Review: Home Made Summer by Yvette van Boven

Home Made Summer Home Made Summer
by Yvette van Boven

ISBN-13: 9781617690150
Published: May 14, 2012 by Harry N. Abrams
Received at Book Expo America 2012

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In a small change of pace, I wanted to take a look at a cookbook today! Now, cookbooks are a funny thing for me because I don’t love to cook. In fact I often try to avoid it and always end up making the same kind of meals over and over again because they’re easy, quick and simple. But I love to bake and I love cookbooks. I always look through them and dream about all the meals I’ll make and then…never do. Home Made Summer has taken me 8 years to review for precisely that reason. I picked this gorgeous cookbook up at BEA 2012 because during an initial flip through the pictures were beautiful, the recipes well laid out and I saw some foods I thought I’d love to try. At home, the book ended up on a shelf and wasn’t touched. Why? Seafood. A lot of seafood. Many of the main course recipes call for some form of seafood and I don’t eat fish. Or shellfish. Nothing from the sea. I didn’t dive deeper into the book, until this year (thank you quarantine) when I was cleaning out my recipe books and decided to browse this one again before deciding if I should donate it. I’m so glad I did (and didn’t donate!).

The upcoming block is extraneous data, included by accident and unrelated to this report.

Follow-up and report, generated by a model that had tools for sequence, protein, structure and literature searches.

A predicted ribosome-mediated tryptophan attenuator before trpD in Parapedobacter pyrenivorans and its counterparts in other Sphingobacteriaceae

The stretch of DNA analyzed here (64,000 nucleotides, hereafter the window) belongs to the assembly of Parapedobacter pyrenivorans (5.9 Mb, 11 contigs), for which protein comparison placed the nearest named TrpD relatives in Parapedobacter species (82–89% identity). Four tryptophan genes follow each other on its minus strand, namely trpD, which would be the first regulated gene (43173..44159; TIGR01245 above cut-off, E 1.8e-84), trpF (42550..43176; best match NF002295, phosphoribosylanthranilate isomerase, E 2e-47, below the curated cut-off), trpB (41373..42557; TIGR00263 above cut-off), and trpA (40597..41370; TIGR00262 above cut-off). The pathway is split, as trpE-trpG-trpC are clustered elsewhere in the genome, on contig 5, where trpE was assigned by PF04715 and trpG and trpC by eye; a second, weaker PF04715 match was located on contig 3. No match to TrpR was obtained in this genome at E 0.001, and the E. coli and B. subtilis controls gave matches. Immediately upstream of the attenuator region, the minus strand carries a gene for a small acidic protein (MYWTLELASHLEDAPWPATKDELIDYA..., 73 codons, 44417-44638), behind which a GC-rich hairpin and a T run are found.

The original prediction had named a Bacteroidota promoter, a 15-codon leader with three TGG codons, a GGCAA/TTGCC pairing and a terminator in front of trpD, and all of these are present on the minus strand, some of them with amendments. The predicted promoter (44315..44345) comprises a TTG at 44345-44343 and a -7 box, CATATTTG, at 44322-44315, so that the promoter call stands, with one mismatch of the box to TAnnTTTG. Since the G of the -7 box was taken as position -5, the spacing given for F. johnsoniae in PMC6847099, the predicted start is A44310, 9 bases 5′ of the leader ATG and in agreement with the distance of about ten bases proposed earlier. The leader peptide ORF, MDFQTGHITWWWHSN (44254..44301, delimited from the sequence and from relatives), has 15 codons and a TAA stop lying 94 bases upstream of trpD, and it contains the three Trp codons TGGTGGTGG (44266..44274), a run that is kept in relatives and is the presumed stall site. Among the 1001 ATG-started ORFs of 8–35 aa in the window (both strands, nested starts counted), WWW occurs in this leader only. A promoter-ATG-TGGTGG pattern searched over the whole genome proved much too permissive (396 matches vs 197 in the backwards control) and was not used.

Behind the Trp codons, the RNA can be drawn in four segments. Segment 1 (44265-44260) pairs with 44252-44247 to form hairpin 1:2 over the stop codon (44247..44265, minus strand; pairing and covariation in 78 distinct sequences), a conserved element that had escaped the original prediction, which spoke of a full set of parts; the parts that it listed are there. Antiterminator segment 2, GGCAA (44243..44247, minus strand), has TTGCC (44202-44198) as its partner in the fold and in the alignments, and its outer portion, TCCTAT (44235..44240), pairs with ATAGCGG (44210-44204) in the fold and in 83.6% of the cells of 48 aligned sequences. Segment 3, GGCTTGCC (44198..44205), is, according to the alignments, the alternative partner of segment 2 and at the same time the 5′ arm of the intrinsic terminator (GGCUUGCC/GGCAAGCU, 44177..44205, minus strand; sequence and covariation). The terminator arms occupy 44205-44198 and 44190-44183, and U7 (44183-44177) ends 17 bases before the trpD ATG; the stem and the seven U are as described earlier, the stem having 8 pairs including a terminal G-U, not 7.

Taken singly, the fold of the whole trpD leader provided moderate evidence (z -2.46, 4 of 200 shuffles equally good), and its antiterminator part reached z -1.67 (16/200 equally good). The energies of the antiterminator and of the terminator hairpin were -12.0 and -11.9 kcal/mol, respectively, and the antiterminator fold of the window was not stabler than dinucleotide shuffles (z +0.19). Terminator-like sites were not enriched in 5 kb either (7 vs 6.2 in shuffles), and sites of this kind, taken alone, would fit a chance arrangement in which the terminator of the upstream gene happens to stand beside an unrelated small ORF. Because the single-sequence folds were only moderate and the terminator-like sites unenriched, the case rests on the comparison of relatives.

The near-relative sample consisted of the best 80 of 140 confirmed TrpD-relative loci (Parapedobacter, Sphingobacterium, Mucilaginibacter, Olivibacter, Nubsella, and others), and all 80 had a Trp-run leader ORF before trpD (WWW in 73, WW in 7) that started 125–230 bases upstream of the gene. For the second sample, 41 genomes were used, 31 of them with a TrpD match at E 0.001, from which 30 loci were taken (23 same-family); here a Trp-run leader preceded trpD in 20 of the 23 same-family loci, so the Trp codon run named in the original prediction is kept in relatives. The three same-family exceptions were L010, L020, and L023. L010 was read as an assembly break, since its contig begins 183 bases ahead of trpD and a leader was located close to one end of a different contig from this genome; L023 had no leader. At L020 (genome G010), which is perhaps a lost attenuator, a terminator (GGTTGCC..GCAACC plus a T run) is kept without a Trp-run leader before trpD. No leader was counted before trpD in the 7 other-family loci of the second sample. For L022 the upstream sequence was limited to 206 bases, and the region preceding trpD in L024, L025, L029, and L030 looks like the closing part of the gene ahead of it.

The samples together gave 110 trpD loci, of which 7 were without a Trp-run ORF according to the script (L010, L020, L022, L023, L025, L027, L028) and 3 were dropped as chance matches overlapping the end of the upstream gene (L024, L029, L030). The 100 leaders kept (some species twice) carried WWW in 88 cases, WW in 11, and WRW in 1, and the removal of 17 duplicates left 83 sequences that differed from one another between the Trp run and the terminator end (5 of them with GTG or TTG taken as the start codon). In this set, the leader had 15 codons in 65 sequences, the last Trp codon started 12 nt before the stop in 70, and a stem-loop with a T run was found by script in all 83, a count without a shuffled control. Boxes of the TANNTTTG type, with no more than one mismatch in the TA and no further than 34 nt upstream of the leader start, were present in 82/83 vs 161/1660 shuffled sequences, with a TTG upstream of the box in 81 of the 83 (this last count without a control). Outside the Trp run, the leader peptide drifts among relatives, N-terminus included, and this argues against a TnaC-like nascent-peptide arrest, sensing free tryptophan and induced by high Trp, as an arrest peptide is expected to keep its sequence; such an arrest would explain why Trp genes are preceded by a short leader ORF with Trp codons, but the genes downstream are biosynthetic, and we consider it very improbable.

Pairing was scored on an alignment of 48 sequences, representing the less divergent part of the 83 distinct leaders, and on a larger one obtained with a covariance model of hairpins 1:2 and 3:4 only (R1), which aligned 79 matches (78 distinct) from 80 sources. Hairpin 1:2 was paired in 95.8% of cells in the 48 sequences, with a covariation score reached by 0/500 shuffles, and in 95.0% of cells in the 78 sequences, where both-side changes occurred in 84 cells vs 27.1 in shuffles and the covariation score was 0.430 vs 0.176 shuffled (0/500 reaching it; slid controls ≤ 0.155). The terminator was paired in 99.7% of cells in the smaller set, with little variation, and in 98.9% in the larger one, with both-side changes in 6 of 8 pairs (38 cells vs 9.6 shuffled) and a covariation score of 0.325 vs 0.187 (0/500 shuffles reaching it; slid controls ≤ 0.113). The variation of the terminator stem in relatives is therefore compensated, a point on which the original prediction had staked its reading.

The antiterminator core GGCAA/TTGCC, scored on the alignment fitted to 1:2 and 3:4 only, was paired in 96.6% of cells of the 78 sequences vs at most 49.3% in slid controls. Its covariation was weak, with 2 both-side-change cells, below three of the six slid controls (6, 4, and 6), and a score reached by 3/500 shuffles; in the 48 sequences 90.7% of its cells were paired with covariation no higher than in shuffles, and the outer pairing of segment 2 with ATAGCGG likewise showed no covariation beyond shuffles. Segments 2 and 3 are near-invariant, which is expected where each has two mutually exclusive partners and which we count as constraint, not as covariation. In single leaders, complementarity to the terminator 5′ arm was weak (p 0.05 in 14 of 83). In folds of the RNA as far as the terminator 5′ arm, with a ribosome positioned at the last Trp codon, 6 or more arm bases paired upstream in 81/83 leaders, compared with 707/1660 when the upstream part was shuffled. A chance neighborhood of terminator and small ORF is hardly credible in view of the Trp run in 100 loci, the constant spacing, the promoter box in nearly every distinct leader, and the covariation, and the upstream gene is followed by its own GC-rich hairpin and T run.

Peach tartMany of the main course recipes still intimidate me, either because of their use of seafood or some more obscure ingredients that I feel must be more prevalent in European grocery stores than Canadian ones, but the desserts – oh the desserts! Remember how I just said I don’t like cooking, but I love to bake? Oh I love to bake, and this cookbook has some beautiful sweet recipes in it. First up was the peach tart. This is honestly the most simple pie I have ever made. No pie pan needed, no finicky crust or complicated filling. All you need is a food processor, peaches, sugar and a pan. The crust is made directly in the food processor and chilled for half an hour. The peaches are sliced, mixed with sugar and left to sit for half an hour. Then you roll out the dough, pour on the peaches, fold up the sides of the dough and bake. So simple! And amazingly delicious. I have a new pie crust recipe now! This one is perfect. I’ve included a picture of my second tart, with some sprinkled icing sugar on top (and served with vanilla ice cream). Just made my third peach tart tonight! As my fiance said after the first one: “We could have been having this the whole time we’ve lived together? What other cookbooks are you hiding?”